A Good Man is Hard to Find Analysis

Topics: Short story, Fiction, Irony Pages: 5 (2008 words) Published: January 16, 2014
Matt Chih Chi Kao
English 101
Professor Margaret Shearer
June 1, 2013
"A Good Man is Hard to Find" Research Paper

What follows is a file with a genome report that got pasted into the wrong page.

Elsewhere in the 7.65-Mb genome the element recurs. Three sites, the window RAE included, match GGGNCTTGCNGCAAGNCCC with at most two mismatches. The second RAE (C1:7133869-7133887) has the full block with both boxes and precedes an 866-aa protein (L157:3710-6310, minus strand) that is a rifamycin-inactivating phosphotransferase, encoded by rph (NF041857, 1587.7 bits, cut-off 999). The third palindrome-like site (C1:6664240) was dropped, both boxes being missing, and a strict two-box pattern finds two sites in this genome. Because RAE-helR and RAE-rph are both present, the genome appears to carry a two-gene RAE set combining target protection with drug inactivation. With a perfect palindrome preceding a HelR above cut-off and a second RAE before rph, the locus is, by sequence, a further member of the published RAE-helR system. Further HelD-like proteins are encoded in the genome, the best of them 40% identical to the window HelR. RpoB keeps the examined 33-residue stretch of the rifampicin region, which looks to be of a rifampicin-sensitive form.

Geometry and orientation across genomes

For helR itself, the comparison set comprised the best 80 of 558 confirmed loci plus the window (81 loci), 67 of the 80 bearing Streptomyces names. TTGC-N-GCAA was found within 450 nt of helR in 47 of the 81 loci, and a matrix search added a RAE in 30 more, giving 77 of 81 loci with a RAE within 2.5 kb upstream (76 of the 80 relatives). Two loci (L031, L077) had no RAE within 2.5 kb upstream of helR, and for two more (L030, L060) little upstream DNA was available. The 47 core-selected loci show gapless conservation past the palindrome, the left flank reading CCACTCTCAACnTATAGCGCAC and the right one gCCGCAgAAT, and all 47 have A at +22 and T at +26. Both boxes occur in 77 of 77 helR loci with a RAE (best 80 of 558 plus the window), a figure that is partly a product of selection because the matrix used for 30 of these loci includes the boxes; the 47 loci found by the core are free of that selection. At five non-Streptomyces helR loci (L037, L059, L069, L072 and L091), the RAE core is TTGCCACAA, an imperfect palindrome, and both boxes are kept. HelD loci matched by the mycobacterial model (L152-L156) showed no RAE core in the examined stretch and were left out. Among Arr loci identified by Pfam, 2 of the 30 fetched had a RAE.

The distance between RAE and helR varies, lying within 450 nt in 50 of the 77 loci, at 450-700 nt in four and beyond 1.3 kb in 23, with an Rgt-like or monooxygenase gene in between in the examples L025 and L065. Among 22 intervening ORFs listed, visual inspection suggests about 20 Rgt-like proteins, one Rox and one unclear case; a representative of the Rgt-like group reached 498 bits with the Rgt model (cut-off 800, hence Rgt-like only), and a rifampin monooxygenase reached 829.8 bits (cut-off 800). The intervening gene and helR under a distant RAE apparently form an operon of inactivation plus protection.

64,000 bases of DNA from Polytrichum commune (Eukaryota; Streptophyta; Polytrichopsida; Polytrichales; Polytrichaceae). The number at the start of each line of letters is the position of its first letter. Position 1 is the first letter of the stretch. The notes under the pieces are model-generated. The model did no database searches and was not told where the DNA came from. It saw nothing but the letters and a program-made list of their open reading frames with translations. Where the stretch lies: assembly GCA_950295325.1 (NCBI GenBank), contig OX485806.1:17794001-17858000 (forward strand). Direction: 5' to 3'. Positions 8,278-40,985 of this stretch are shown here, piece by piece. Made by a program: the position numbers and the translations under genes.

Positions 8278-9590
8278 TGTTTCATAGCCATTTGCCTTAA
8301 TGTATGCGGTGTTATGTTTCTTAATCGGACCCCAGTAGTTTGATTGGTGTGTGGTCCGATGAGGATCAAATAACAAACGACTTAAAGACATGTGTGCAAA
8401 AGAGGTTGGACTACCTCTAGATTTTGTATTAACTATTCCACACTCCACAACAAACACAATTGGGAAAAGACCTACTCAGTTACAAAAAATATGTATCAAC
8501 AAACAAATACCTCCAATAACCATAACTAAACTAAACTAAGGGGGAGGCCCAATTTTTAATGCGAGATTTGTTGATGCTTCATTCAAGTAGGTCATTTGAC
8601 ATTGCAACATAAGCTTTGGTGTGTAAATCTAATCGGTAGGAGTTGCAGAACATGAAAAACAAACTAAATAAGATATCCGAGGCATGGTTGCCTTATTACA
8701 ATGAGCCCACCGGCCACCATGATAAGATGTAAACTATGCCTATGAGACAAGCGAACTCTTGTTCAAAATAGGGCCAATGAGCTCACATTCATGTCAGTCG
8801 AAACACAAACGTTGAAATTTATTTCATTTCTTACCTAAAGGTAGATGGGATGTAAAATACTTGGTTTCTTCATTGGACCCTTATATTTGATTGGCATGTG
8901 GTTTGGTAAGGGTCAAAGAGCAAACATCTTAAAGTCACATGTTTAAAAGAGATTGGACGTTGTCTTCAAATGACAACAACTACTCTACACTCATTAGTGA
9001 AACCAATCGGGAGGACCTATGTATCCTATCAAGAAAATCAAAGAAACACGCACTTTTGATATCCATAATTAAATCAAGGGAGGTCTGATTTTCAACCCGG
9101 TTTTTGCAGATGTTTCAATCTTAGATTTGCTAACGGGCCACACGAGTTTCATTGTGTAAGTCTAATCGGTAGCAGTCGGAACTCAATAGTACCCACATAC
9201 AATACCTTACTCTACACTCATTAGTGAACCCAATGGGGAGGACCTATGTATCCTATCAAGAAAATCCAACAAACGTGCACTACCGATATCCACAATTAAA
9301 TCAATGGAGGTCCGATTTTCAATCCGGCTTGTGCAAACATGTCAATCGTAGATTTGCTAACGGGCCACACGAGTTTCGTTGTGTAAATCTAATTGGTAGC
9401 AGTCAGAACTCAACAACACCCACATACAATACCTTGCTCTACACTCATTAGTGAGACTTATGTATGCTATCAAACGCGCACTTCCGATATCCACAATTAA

"A Good Man is Hard to Find" is a short story written by Flannery O'Connor, a significant American writer and essayist. Her writing style reflects the ethnic relation in the South and her own Christian faith. The author writes in third person limited point of view to portray the tragic journey of a family who lived in Georgia in 1953. Bailey wants to take his family to Florida, but his mother, "the grandmother" disagrees with him because there's a dangerous criminal named The Misfit who is also on the way to Florida. Bailey ignores the grandmother's concern and headed to Florida. On the road, The kids and the grandmother persuade Bailey to drive them to the see a plantation which the grandmother visited when she was a lady. Unfortunately, the family gets into an accident on the desolate dust road to the plantation. The only thing the family can do is to wait for help, and it turns out that their help is none other than The Misfit and his buddies. The Misfit orders his buddies to take all the family members except the grandmother into the wood and shoot them. Hopelessly, the grandmother calls The Misfit her child and wants to touch him on the shoulder, but this angers The Misfit. As a result, he shoots the grandmother three times on the chest. The author uses characterization, foreshadowing, and irony to illustrate the theme that the tendency to manipulate people's actions and thoughts may introduce tragic outcomes to the love ones. In the short story "A Good Man is Hard to Find" , the author applies both direct characterization and indirect characterization to exhibit the selfishness of the grandmother, the innocence of the children, and the wickedness of The Misfit . In the exposition of the story, the grandmother wants to go to Tennessee to visit her connections instead going to Florida, so she tells Bailey that he " ought to take [the kids] somewhere else for a change so they would see different parts of the world and be board. They have never been to east Tennessee" (O'Connor 403). From this quote the readers can perceive that the grandmother is good at manipulating her son by saying that going to Tennessee can be beneficial to the kids in order to achieve her own purpose. She also mentions that The Misfit is also on the way to Florida and she "couldn't answer to [her] conscience" (O'Connor 402) if she brings the kids to Florida. In this quote, the grandmother uses the word "conscience" to threat Bailey with the idea that he is going to put his children in danger, so he would give up the trip to Florida. In Katherine Keil's article "O'Connor's 'Good Man is Hard to Find'", Katherine analyzes "A Good Man is Hard to Find" and comments that "the grandmother shows her indifference for creation by selfishly manipulating and nagging to get her way on the family's vacation "(Keil 45). Keil's analysis is reasonable because through the interactions between the grandmother and other family members on the issue about the family trip, the grandmother is used to manipulate people's decisions by taking advantage of the vulnerable side of people's mind and being selfish without knowing it herself. The kids, John Wesley and June Star, are innocent compare to their selfish grandmother. After the family encounter The Misfit in the country, John Wesley notices that The Misfit is holding a gun, so he asks him: "'What you got that gun for?"'(O'Connor 410). Under this kind of circumstance, probably most of the people would be quiet in order to avoid trouble, but John Wesley mentions the gun just because he is simply curious. Unfortunately, his inquiry brings The Misfit into action, and results in tragedy. Although The Misfit is not present until the final pages of the story, he influences the story from the exposition of the story when the grandmother tells Bailey that he flees from the prison, and is on the way...

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